Niantic sues group of alleged 'Pokémon Go' cheaters

Some of the Global++ members are named, including reported leader Ryan Hunt and YouTube promoter Alen Hundur. There are also 20 anonymous members who haven’t been identified so far.

Global++ hadn’t directly answered the allegations, but it responded to the lawsuit by taking down its website and Discord servers. It said it was shutting down “indefinitely” in order to honor its “legal obligations.”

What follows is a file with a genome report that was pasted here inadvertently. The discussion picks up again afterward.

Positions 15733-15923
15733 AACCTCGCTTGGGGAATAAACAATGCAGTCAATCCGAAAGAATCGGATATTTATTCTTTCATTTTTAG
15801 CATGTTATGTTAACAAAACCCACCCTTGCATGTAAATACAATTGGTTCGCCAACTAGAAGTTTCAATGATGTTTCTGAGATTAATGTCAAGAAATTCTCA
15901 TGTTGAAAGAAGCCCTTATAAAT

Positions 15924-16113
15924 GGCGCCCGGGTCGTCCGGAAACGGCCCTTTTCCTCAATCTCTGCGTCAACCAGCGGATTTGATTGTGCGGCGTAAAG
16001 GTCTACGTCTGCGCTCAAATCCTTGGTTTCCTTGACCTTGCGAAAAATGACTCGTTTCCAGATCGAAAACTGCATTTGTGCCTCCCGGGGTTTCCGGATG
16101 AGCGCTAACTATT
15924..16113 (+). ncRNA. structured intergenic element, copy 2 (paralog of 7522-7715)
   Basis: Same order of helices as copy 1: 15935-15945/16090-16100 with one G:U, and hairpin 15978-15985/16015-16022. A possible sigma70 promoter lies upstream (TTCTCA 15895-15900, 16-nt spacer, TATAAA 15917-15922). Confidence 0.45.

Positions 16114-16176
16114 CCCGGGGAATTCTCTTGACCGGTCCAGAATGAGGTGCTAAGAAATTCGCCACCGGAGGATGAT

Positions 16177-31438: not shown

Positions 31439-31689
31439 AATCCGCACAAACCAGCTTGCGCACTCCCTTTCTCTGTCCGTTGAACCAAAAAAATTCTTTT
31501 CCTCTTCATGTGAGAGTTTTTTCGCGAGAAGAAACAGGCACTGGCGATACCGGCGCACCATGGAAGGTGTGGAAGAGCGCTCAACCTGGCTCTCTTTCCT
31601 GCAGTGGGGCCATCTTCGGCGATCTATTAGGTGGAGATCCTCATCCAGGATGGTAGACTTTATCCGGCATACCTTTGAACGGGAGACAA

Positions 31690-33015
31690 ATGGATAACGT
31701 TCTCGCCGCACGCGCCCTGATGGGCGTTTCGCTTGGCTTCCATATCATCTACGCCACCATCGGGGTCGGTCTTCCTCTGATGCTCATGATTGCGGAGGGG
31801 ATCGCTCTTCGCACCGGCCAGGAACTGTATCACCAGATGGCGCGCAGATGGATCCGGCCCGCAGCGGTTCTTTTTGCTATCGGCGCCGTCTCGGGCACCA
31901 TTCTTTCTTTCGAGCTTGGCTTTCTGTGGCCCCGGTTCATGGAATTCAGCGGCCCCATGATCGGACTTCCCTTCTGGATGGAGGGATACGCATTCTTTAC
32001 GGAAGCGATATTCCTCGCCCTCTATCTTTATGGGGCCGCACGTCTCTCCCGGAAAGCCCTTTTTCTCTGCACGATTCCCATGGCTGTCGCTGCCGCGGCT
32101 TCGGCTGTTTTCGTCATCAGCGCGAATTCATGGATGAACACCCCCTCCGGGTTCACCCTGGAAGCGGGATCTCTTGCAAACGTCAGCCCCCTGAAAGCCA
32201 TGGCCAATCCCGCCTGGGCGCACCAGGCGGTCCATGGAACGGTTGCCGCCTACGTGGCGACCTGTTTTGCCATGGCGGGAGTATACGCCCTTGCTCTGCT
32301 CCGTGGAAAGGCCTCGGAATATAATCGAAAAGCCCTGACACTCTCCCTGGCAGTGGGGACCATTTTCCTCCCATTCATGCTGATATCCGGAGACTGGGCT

As with other lawsuits against cheaters, some aspects of Niantic’s lawsuit could prove contentious. While Global++ clearly didn’t have permission to modify Niantic’s apps, some have questioned whether game studios are actually losing revenue due to cheaters. That’s particularly true in games like Pokémon Go, which aren’t focused on heated real-time competition. There’s little doubt that cheaters can sour the experience, though, and Niantic may feel that a lawsuit could deter other would-be cheat users.

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